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A TRIP TO IRLANDE: Songs of Hector Berlioz

March 13, 2012

One of my favorite things about any VOX 3 concert is that I am certain to hear something new and interesting.  With so many wonderful and talented people contributing, how can we fail?  When the DANK Haus  had an opening in their grand ballroom space on St. Patrick’s Day, our artistic director Brian von Rueden, embraced the challenge of creating a link between and Irish holiday and German heritage.  The resulting program for VOX 3’s Erin Go Berlin! was a delight!  The text to these songs were usually Irish poets whose work had been translated into the native tongues of composers such as Beethoven, Schumann, and Berlioz (to name a few).  A few songs from Hector Berlioz’s Irlande, were quite unknown previously to audience, as well as performers.

Hector Berlioz (1803-1869),French composer of the Romantic Era.

First, a little bit about Hector Berlioz.  Born in 1803 and living until 1869, Berlioz is a French composer of the Romantic period.  He is best known for his Symphonie fantastique as well as his Grande Messe des morts (Requiem).  His Symphonie fantastique is often used as the the example of program music– instrumental music that attempts to tell a narrative story.  Other composers, such as Franz Liszt, Modest Mussorgsky, Paul Dukas, and Richard Strauss would go on to compose more program music.  Recently, his La Damnation de Faust has also quite often been heard in orchestra halls around the world; opera companies, like Chicago Lyric Opera, have also presented quite successful staged versions.

Despite the existence of his 33 Mélodies, Berlioz is not best remembered for his songs.  Aside from the song cycle for mezzo soprano and orchestra, Les nuits d’étè, most of his songs are not often performed today.  However, in 1830 he published his opus 2, a collection of songs called Neuf Mélodies.  These are settings of texts by Irish poet Thomas Moore, translated by Berlioz’s friend Thomas Gounet.  In 1829, Berlioz had withdrawn his first opus, Huit Scènes de Faust, a composition for solo voice, chorus, and orchestra, and later attempted to destroy all the printed scores.  When you see that all his early work was in song, one might think that song was incredibly important to Berlioz.  Not the case.  He rarely composed song, and aside from the aforementioned Les nuits d’étè, there is nothing else that comes close to being a song cycle.  However, we know from Berlioz’s writings that he greatly admired Faust.  Also, in 1830 the song was a very popular form of composition.  After all, Franz Schubert, one of the greatest song composers of all time, had just died in 1828, leaving behind him about 600 Lieder.  Just as every composer felt compelled to compose an opera because it was “the thing,” perhaps Berlioz was trying his hand at a popular form.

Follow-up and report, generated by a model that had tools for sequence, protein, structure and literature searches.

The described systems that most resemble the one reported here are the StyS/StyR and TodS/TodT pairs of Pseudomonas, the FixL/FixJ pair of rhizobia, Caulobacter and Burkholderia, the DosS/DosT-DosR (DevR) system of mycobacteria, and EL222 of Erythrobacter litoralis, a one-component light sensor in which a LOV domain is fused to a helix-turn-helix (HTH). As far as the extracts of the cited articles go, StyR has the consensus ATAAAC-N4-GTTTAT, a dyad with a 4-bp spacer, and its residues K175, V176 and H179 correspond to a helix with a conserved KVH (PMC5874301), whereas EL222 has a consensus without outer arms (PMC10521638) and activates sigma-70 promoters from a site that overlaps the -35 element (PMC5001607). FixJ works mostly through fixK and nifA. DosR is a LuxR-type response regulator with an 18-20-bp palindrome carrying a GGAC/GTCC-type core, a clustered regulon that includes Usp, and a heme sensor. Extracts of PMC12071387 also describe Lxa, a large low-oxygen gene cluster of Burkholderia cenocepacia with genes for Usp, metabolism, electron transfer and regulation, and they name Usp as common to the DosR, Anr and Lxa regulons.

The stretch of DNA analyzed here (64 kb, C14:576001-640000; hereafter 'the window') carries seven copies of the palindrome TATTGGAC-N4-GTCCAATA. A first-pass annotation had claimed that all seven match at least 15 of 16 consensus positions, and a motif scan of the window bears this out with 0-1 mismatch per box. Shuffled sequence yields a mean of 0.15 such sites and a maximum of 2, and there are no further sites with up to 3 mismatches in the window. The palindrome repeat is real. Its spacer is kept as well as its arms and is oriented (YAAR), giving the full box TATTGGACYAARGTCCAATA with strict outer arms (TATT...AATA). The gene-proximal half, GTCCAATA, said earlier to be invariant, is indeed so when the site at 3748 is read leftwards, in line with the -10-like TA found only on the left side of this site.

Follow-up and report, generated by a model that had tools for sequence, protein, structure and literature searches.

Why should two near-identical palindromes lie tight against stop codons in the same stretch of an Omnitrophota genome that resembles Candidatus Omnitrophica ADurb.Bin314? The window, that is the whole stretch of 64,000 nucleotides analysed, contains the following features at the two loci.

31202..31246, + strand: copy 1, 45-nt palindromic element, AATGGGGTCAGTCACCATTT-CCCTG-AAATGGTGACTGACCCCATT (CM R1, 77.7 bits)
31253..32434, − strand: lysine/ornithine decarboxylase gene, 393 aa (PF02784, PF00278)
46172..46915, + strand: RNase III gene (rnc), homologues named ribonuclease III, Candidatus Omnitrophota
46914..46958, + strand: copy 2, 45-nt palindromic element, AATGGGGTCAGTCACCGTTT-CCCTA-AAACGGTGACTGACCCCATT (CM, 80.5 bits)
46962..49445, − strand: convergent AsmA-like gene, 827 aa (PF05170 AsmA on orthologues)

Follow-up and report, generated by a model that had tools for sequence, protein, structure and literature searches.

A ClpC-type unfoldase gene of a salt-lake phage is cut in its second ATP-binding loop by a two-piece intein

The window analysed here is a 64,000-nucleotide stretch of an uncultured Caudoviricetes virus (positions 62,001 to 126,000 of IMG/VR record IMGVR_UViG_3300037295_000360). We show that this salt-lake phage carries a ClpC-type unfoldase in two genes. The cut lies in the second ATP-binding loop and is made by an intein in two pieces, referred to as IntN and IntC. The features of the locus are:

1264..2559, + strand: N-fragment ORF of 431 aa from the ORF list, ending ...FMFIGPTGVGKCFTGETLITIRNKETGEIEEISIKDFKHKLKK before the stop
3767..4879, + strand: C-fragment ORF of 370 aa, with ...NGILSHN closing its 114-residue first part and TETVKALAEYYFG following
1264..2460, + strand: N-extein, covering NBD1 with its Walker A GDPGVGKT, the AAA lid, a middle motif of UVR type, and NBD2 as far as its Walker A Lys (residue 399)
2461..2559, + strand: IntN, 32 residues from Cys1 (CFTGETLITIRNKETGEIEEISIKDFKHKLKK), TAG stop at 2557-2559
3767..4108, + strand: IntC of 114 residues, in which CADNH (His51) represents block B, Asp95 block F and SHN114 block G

Whatever his reasons for writing songs, many critical reviews of the songs are not favorable.  First of all, Berlioz had a fiercely unique concept of melody, which many thought was ahead of its time. When compared to the Lieder of Schumann and Schubert, the mélodies of Berlioz lack a complementary relationship between voice and piano. Often the odd length of Berlioz’s vocal phrases has caused singers consternation as well: “Why is this line 3 bars, while the next is 5, followed by 4?” Although most German lieder are composed of even, balanced phrases, Schumann could use uneven phrasing to great effect when necessary.  For example, in Dichterliebe, the four-bar structure begins to give way to uneven three-bar phrasing in the Lied “Das ist ein Flöten und Geigen, suggesting the pain the wedding onlooker feels.  However, for Berlioz, irregular phrasing is often simply a hallmark of his construction. With all of this, understandably, a first-time listener might be put off (although some, like me, might be excited!).

For example, in “Hélène,” one of the songs from Irlande performed on this concert, the six identical verses are all interrupted by the imitation of a hunting horn.  This theme also opens and closes the piece.  The tune is 29 bars which are divided as 3 + 5 : 3 + 4 : 4 + 4 : 3 + 3.  This uneven distribution is seen in many of the songs in the collection 33 Mélodies.  From what I have said previously, the reader might think that this irregularity is obvious and therefore easily heard, but this is not the case.  Berlioz so smoothly overlaps the fragments that it is often difficult to hear exactly where the division is.  When I set out to learn these pieces, it was not the irregular phrasing of “Hélène” that startled me.  Rather, it was the originality and dramatic nature of the solo sections in Chanson à boire.  I found myself recalling Berlioz’s vocal line in Marguerite’s aria “D’amour l’ardente flame” in La damnation de Faust.  Although these sections were small, I derived great pleasure from singing this part because the beauty and originality of the melody conferred such gravity upon the musings of a drunkard.  How much talent it takes to accomplish that!


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